Michael D. Evans

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Michael David Evans
Evans in Jerusalem in 2011
Born (1947-06-30) June 30, 1947 (age 76)
Springfield, Massachusetts
Occupation(s)Journalist, author, Middle East commentator
Carolyn Evans
(m. 1969)

Michael David Evans (born June 30, 1947) is an American author, journalist, and commentator. Evans has written books and has provided analysis and commentary on Middle East affairs. He founded and serves as the head of many politically conservative Christian organizations.

Early life[edit]

Evans was born in Springfield, Massachusetts, on June 30, 1947, to a non-practicing Jewish mother whose parents were immigrants from the Soviet Union.[1] His father was a violent alcoholic and wife beater. At age 11, Evans objected to his father beating his mother, and was assaulted; when he recovered, he had what he describes as a dramatic encounter with Jesus Christ, who promised him a future.[1]


Ten Boom Fellowship[edit]

Mike Evans purchased and restored the Corrie ten Boom house in 1983. It is a museum dedicated to telling the story of ten Boom's family, which harbored, fed, and found safe houses for as many as 800 Jews during the Nazi takeover of the Netherlands during World War II.[2] After purchasing and restoring the house, Mike Evans created the Corrie ten Boom Fellowship,[3] a Christian Zionist organization.

Friends of Zion Heritage Center[edit]

In 2015, Evans founded the Friends of Zion Heritage Center in Jerusalem with the purpose of highlighting religious tolerance and dialogue between Christian Zionism and the State of Israel and the Jewish people. Israel's ninth president, Shimon Peres, was the international chairman of Friends of Zion and the founder of the Friends of Zion Award to honor outstanding support for Israel.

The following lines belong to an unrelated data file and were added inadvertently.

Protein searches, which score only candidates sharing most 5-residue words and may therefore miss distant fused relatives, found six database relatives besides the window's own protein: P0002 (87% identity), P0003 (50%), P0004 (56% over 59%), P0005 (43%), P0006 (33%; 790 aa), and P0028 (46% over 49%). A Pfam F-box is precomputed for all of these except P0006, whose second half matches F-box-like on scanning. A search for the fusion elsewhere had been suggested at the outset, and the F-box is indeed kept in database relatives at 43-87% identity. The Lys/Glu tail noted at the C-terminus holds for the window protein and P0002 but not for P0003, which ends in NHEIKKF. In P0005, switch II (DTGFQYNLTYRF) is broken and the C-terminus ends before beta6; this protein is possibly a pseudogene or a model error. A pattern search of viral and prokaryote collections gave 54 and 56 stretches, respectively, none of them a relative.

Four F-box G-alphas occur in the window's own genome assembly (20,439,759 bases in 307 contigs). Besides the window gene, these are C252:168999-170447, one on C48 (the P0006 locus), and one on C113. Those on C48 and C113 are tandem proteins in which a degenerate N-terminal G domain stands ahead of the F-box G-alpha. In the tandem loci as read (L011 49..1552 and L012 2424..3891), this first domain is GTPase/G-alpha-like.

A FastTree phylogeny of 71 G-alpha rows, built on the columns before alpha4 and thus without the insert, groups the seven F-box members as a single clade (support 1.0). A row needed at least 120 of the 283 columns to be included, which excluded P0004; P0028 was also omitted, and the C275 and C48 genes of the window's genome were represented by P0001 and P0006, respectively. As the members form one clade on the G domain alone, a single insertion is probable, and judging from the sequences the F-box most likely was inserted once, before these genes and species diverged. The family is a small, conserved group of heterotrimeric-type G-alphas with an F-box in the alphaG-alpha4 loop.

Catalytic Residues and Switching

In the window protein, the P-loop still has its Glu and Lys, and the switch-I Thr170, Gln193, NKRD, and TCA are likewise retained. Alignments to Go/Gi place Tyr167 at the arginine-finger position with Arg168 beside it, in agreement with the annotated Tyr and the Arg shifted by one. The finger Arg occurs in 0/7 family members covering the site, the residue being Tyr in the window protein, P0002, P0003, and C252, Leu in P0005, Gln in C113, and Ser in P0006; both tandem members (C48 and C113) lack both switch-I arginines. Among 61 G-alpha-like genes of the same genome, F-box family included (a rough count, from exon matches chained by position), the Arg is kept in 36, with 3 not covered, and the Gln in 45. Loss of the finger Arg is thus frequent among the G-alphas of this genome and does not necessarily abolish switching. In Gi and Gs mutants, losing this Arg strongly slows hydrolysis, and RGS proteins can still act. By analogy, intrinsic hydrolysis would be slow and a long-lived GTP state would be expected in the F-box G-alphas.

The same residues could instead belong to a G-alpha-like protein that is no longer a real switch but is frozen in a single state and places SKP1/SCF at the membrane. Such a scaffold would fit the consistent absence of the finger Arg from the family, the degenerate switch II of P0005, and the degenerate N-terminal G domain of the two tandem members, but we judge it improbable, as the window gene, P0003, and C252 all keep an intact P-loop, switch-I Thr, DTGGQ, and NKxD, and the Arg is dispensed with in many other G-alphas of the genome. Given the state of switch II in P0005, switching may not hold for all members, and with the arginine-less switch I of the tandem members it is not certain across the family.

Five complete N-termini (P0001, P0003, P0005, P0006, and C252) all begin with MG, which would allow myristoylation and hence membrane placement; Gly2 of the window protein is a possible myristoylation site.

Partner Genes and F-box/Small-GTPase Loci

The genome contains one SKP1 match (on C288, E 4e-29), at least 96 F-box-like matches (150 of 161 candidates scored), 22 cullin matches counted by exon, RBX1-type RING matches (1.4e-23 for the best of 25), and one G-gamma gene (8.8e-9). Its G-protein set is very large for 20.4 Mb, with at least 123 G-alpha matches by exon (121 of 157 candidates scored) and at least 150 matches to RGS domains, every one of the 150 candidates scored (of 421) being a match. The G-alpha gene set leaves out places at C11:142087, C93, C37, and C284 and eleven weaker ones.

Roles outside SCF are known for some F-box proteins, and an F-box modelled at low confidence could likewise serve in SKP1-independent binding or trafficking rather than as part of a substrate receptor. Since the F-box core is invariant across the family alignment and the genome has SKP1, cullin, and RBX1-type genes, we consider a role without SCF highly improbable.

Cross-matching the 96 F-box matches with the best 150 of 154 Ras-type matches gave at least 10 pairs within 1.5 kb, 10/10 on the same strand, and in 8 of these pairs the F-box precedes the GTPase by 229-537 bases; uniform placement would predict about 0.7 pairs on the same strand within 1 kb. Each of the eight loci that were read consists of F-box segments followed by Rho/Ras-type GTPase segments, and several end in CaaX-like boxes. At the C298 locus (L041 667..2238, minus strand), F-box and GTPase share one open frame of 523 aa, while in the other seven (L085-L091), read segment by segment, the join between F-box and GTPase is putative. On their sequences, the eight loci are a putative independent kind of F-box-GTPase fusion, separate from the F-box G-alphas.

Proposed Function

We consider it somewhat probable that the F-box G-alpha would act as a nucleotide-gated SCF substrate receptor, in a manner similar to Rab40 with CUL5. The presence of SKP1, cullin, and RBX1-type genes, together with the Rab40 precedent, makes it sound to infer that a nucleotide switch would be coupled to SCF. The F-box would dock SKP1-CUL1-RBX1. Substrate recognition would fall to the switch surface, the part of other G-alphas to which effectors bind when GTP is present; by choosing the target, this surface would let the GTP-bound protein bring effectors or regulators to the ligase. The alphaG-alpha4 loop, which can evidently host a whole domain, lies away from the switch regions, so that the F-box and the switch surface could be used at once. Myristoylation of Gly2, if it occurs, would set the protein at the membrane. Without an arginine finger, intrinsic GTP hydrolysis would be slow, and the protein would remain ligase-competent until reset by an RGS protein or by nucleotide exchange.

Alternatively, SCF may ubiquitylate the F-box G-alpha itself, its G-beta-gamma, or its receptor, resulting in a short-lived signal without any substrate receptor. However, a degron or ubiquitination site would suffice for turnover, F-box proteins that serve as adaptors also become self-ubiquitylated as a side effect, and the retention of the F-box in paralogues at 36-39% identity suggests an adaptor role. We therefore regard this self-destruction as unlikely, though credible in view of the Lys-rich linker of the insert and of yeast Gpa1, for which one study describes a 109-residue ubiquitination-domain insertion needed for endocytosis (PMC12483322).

Jerusalem Prayer Team[edit]

Mike Evans with Benjamin Netanyahu in an undated photo

Mike Evans began the Jerusalem Prayer Team in 2002, which raised money for Ehud Olmert's New Jerusalem Foundation.[4] The Jerusalem Prayer Team funded the construction of the Mike Evans Museum[5] in Jerusalem, officially known as The Friends of Zion Heritage Center. Evans was accused of being a Christian missionary due to his history.[6] In 1977, he headed B'nai Yeshua, a "Hebrew Christian" group, which was active on college campuses.[7][8] A campaign accusing him of subterfuge in Long Island resulted in media coverage.[9][10][11] Articles simultaneously praise him for his pro-Israel activism, but warn of a possible hidden agenda to convert Jews in Israel to Christianity or "Hebrew Christian" beliefs.[12][13]

Relationship with Benjamin Netanyahu[edit]

Evans has known Israeli Prime Minister Benjamin Netanyahu since the early 1980s.[14] In June 2021, Benjamin Netanyahu was replaced as Prime Minister by Naftali Bennett of the Yamina party. The following month, Evans told a press conference at a Jerusalem hotel: "Bibi Netanyahu is the only man in the world who unites evangelicals." In a blog post for The Times of Israel, he also compared members of the parties that comprised the unity government to "rabid dogs" who wish to "crucify" Netanyahu.[15] This public attack on the new government dented Evans' reputation and influence in Israel. Danny Ayalon, a former Israeli ambassador to the U.S., told Foreign Policy, "[Evans] may be a friend of Bibi Netanyahu, but it did not give him the right to do what he did."[14]